How do I get my toddler to poop in the toilet?
My son will be 4 at the end of April and he absolutely hates potty training. Every time I try to approach it, he cries big tears. He hates the toilet. He hates the potty. He prefers going potty in his diaper or training underwear. If I let him run around naked, he will wait for me to put a diaper on him and then he will either poop or pee. He is not on the spectrum.
Toilet-training can be a stressful time for children and parents alike. While most children are out of diapers by age 3 ½, it is not unusual for it to take a little longer for some children. Successful toilet-training is impacted by the child’s medical history, developmental abilities, motivation and behavioral responses in addition to consistent rules and expectations set by caregivers.
Children who “hate” the toilet may have developed anxiety around something related to the toilet such as the sound of the toilet flushing, the feeling of sitting on the seat, painful bowel movements or even just the idea of the bathroom itself. A great place to start is gradually exposing your child to the toilet before there are any expectations that they actually sit on the toilet or are expected to use it. This could look like:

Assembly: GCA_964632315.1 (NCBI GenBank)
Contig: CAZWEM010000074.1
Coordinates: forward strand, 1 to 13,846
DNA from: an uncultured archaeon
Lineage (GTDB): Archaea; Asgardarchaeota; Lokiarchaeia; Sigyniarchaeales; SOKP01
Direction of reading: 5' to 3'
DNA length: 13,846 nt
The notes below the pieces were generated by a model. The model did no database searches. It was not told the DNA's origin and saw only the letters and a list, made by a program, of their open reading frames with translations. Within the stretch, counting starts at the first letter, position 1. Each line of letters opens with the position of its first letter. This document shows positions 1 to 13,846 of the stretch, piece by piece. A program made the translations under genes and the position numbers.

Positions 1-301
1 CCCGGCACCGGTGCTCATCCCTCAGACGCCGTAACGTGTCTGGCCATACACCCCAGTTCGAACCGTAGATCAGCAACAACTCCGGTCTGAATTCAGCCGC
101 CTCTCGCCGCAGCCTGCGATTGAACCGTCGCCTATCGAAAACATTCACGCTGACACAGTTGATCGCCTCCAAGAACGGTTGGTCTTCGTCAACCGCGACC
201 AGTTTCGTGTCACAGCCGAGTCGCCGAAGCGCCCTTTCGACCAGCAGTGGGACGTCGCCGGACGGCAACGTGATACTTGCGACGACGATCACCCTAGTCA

- Showing them their potty and talking about what it.
- Reading books and looking at pictures of potties.
- Singing a special potty song.
- Modeling use of the toilet for your child.
- Changing your child’s diaper in the bathroom to gradually begin having them associate urine and bowel movements with the bathroom.
- Having your child flush the toilet and wash their hands.
If your child participates in these exposures, be positive and reward your child for engaging in these activities. Praise him for “being brave” about learning how to use the potty.
Still no progress? If your child continues to be hesitant to approach the toilet after gradually exposing him to the above experiences for a couple of weeks, consider speaking with your pediatrician about your child’s worries and make sure any potential medical factors are addressed (for example, even occasional mild constipation can make toileting scary for young children). If all potential medical causes have been eliminated and progress is still stalled, extra help for toileting is available! Pediatric psychologists are well trained to help parents with tricky toileting dilemmas using short-term coaching in person or via telehealth. Our team at the Early Childhood Behavioral Health Program is a great option for toddlers and young children struggling with mastering toileting.